Canadians who don't trust the government are endangering Canada's economic future.
Okay, admittedly, the previous statement is both facetious and a gross oversimplification. It conveniently skates over the fact that, particularly in Ontario, various levels of government consistently open themselves to allegations of negligence, at the very least.
Nonetheless, the institutionalist school of economics, popularized by the Massachusetts Institute of Technology's economics department, suggests the leading statement is not that far off.
M.I.T. professors Daron Acemoglu and Simon Johnson, along with the University of California, Berkeley's James Robinson, collaborated on a seminal paper arguing that the level of citizen trust in political and economic institutions is the primary driver of success for national economies and per capita wealth.
"Economic institutions are important because they influence the structure of economic incentives in society. … Economic institutions are also important because they help to allocate resources to their most efficient uses, they determine who gets profits, revenues and residual rights of control. When markets are missing or ignored (as they were in the Soviet Union, for example), gains from trade go unexploited and resources are misallocated."
The paper goes on to argue that economic institutions are developed and controlled by those with the most political power. "The efficiency of one set of economic institutions compared with another may play a role in this choice, [but] political power will be the ultimate arbiter. Whichever group has more political power is likely to secure the set of economic institutions that it prefers." In the United States, this means wealthy political donors and corporate lobby groups pushing tax cuts, while in the old Soviet Union, this meant the ideologues in the Politburo.
The U.S.-based Atlantic magazine published a feature on July 1 entitled Trust in Government Is Collapsing Around the World, which showed that Americans have a lot less trust in their government institutions than Canadians have in ours.
Here, 58 per cent of wealthier Canadians and 52 per cent of less wealthy Canadians retain faith in the country's institutions. In the United States, while 70 per cent of the wealthy supported their institutions, only 40 per cent of the poorest quartile felt the same. Over all, just 20 per cent of Americans answered the question "I always or mostly trust the U.S. government" affirmatively, down from about 75 per cent in the 1960s.
The institutionalist framework strongly implies that the damage from the financial crisis and its aftermath went far beyond the banking system and the economy. Bank bailouts, from both the U.S. Congress and the U.S. Federal Reserve Board, made the rich richer and left the average American faced with a sluggish economy and low wages.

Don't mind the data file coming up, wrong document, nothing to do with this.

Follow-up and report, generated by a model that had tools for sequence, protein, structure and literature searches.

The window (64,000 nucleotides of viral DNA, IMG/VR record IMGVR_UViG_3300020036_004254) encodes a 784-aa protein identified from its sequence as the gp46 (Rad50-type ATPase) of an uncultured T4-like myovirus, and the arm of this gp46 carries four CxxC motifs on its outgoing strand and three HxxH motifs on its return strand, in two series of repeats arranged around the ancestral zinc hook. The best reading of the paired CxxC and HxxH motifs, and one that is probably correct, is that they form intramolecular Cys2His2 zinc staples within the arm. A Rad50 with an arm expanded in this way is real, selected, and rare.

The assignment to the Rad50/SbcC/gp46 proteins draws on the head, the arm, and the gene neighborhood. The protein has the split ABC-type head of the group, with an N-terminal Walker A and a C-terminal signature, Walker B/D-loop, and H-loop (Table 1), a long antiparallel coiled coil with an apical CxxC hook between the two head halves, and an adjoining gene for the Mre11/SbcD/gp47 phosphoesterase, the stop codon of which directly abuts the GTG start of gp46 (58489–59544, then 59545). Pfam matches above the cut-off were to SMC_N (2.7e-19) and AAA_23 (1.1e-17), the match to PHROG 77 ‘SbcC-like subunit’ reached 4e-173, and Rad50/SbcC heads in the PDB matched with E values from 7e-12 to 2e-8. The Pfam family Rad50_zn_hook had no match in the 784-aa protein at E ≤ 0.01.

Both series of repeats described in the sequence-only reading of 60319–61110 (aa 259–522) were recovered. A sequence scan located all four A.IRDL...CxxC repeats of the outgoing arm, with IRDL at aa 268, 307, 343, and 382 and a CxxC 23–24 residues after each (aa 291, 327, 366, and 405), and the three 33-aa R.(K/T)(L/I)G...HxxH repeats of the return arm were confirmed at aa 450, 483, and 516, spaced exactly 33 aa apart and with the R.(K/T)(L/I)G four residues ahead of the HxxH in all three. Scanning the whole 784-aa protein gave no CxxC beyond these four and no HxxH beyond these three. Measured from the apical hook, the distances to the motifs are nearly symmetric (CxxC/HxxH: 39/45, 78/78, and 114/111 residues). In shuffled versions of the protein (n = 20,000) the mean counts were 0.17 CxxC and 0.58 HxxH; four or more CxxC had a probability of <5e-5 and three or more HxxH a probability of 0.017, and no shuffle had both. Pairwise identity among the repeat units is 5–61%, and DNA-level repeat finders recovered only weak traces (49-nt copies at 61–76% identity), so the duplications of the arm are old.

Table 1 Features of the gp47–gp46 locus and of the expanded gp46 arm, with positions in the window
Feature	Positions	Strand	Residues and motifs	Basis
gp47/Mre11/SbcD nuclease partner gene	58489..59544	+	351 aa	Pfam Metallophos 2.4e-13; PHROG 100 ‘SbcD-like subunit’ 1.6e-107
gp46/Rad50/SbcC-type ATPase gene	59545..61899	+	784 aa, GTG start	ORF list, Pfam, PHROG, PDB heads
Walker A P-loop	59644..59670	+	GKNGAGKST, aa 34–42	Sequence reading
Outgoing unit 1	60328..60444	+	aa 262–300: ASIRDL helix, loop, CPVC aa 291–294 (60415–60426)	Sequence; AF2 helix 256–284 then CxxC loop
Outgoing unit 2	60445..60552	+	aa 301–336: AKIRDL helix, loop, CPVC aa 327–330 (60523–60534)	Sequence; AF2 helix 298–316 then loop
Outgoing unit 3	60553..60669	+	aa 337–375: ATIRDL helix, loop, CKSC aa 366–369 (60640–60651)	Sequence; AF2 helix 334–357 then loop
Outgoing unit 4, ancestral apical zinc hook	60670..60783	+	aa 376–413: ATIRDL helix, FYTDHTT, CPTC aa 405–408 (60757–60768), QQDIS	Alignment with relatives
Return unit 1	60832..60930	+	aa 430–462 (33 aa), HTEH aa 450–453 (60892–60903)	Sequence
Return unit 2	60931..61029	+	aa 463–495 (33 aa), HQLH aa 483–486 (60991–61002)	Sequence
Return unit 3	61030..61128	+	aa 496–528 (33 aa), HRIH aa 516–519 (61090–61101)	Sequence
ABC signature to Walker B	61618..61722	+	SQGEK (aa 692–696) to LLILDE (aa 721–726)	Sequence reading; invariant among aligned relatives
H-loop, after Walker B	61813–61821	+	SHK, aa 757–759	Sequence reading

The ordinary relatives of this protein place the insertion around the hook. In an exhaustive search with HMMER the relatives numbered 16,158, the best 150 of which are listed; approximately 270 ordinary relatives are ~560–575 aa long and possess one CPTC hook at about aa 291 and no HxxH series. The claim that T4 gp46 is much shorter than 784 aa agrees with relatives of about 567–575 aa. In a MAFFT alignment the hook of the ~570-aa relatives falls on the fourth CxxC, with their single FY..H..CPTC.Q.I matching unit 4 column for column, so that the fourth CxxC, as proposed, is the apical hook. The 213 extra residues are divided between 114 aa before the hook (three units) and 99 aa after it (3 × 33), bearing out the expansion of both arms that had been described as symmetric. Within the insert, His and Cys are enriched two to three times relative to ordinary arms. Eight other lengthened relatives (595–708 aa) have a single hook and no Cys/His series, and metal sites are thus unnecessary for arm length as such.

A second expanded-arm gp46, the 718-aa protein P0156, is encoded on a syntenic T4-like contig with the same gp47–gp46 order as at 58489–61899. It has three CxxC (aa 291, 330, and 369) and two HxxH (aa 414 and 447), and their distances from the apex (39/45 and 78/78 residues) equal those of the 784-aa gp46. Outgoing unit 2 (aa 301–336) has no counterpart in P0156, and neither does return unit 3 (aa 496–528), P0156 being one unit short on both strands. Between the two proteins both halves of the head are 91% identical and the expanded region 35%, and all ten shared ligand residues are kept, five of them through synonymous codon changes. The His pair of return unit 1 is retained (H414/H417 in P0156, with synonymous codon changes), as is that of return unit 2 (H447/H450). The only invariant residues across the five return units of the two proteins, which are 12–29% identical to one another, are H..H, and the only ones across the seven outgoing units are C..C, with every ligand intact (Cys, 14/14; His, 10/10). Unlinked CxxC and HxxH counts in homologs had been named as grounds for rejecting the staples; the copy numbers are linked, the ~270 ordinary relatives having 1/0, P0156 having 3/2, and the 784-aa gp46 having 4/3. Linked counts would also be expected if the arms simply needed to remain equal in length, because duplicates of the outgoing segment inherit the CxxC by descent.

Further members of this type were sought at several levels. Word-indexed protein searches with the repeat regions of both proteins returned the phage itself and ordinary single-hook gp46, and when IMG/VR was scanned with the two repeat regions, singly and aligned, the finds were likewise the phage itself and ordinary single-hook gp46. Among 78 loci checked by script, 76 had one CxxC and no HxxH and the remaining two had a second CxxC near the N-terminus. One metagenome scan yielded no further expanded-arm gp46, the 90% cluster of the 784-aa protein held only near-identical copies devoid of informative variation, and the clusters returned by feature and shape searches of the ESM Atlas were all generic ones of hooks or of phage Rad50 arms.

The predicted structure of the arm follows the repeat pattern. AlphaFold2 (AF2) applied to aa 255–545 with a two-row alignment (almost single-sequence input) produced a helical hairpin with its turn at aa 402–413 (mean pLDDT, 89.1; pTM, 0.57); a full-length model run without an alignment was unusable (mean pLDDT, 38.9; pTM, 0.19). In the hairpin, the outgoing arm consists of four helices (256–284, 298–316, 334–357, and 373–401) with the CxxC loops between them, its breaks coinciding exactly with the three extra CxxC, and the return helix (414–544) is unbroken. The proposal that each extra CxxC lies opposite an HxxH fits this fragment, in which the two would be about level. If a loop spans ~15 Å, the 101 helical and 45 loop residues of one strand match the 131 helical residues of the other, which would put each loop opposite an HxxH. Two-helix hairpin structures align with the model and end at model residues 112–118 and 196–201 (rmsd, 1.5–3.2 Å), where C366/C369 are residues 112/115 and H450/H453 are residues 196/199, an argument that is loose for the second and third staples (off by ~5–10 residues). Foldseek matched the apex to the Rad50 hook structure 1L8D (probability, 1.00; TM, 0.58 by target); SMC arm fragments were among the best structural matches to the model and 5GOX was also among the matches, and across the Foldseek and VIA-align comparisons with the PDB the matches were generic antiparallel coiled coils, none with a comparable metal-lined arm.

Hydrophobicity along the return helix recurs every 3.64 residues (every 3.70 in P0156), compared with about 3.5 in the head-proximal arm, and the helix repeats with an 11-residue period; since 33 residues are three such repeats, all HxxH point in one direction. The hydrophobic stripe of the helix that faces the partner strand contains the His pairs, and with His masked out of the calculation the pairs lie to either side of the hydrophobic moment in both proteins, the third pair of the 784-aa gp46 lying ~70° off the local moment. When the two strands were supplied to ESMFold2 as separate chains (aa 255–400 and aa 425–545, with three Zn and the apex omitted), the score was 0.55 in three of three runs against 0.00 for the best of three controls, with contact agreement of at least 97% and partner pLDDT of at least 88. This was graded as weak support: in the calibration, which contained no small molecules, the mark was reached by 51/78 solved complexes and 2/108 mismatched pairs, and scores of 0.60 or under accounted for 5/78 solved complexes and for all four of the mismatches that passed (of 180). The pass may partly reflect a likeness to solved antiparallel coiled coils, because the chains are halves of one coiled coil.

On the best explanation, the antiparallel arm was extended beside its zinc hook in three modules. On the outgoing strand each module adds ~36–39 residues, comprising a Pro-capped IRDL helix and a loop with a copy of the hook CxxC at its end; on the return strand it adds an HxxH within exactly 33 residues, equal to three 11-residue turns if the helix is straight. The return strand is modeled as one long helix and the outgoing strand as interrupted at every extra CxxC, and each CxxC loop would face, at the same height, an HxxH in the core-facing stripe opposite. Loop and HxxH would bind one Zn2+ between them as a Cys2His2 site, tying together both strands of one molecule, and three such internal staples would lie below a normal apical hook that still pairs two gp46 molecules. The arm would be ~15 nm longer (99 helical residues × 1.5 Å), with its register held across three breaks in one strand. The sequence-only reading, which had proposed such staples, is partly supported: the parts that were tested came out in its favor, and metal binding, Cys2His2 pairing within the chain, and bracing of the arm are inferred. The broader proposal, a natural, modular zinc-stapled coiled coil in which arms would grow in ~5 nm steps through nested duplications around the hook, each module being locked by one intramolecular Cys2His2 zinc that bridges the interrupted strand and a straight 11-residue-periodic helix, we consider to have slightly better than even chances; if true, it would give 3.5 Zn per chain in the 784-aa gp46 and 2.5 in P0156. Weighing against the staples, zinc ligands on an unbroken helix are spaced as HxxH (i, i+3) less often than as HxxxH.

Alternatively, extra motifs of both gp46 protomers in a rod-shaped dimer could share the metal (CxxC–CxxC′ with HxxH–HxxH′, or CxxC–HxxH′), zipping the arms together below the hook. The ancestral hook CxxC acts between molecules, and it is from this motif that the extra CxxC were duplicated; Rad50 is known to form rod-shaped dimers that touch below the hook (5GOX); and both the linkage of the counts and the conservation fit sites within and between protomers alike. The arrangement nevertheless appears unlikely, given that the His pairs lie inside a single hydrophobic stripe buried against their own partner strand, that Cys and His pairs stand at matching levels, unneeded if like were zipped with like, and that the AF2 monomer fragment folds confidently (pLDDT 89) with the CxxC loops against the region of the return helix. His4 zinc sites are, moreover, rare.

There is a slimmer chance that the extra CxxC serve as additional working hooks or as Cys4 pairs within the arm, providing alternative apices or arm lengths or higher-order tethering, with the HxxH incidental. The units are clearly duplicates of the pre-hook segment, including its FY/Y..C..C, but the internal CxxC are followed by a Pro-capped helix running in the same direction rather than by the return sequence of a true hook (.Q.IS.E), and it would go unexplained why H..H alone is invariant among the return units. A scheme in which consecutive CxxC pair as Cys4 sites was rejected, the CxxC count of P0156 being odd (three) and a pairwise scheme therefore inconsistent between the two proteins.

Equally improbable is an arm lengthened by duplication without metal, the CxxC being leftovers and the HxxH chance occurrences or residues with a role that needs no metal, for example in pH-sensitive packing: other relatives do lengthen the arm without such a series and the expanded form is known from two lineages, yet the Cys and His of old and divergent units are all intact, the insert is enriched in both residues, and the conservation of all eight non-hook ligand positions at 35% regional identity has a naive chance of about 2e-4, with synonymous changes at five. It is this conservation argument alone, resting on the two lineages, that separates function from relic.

More importantly, the crisis amplified skepticism and anger toward the entire U.S. decision-making class. The typical way of doing things, with leaders using financial markets and tax cuts to amass wealth, and then using that wealth to control legislation through political donations, was revealed as the self-centred farce it was and, in general, continues to be.
The term "institutions" as defined by professors Acemoglu, Robinson and Johnson, goes beyond finance and politics, but elsewhere the trend is the same. Organized religion is an afterthought in most of North America – the evangelical U.S. South is the obvious exception – and faith in the "lamestream" media continues to plummet.
The institutionalist view suggests that economic progress in the next 50 years will be far slower than in the previous decades unless the trend of declining trust can be reversed and confidence can be rebuilt. Domestically, Canadians need more assurances that government spending benefits all Canadians and not just the chosen few (like, for instance, a teachers' union that's already flush with cash) and protected industries like banking, dairy farming and telecommunications.
South of the border, the institutional and leadership problems are both more acute and difficult to solve. The 1 per cent, which includes both people and corporations, cling to power but the populist insurrection within the Republican Party underscores the frustration and rage that is also apparent among advocate groups within the Democrats' political tent. These trends imply that, no matter how messy the process, political power must be more widely distributed before institutional trust can recover.
There are many perspectives with which to view the economy and the world at large and I wouldn't suggest that the three professors have a monopoly on wisdom. Nonetheless, their useful and intelligent assessments – most accessibly explicated in the bestselling book Why Nations Fail – has been a huge benefit to me in putting recent economic and social events in context.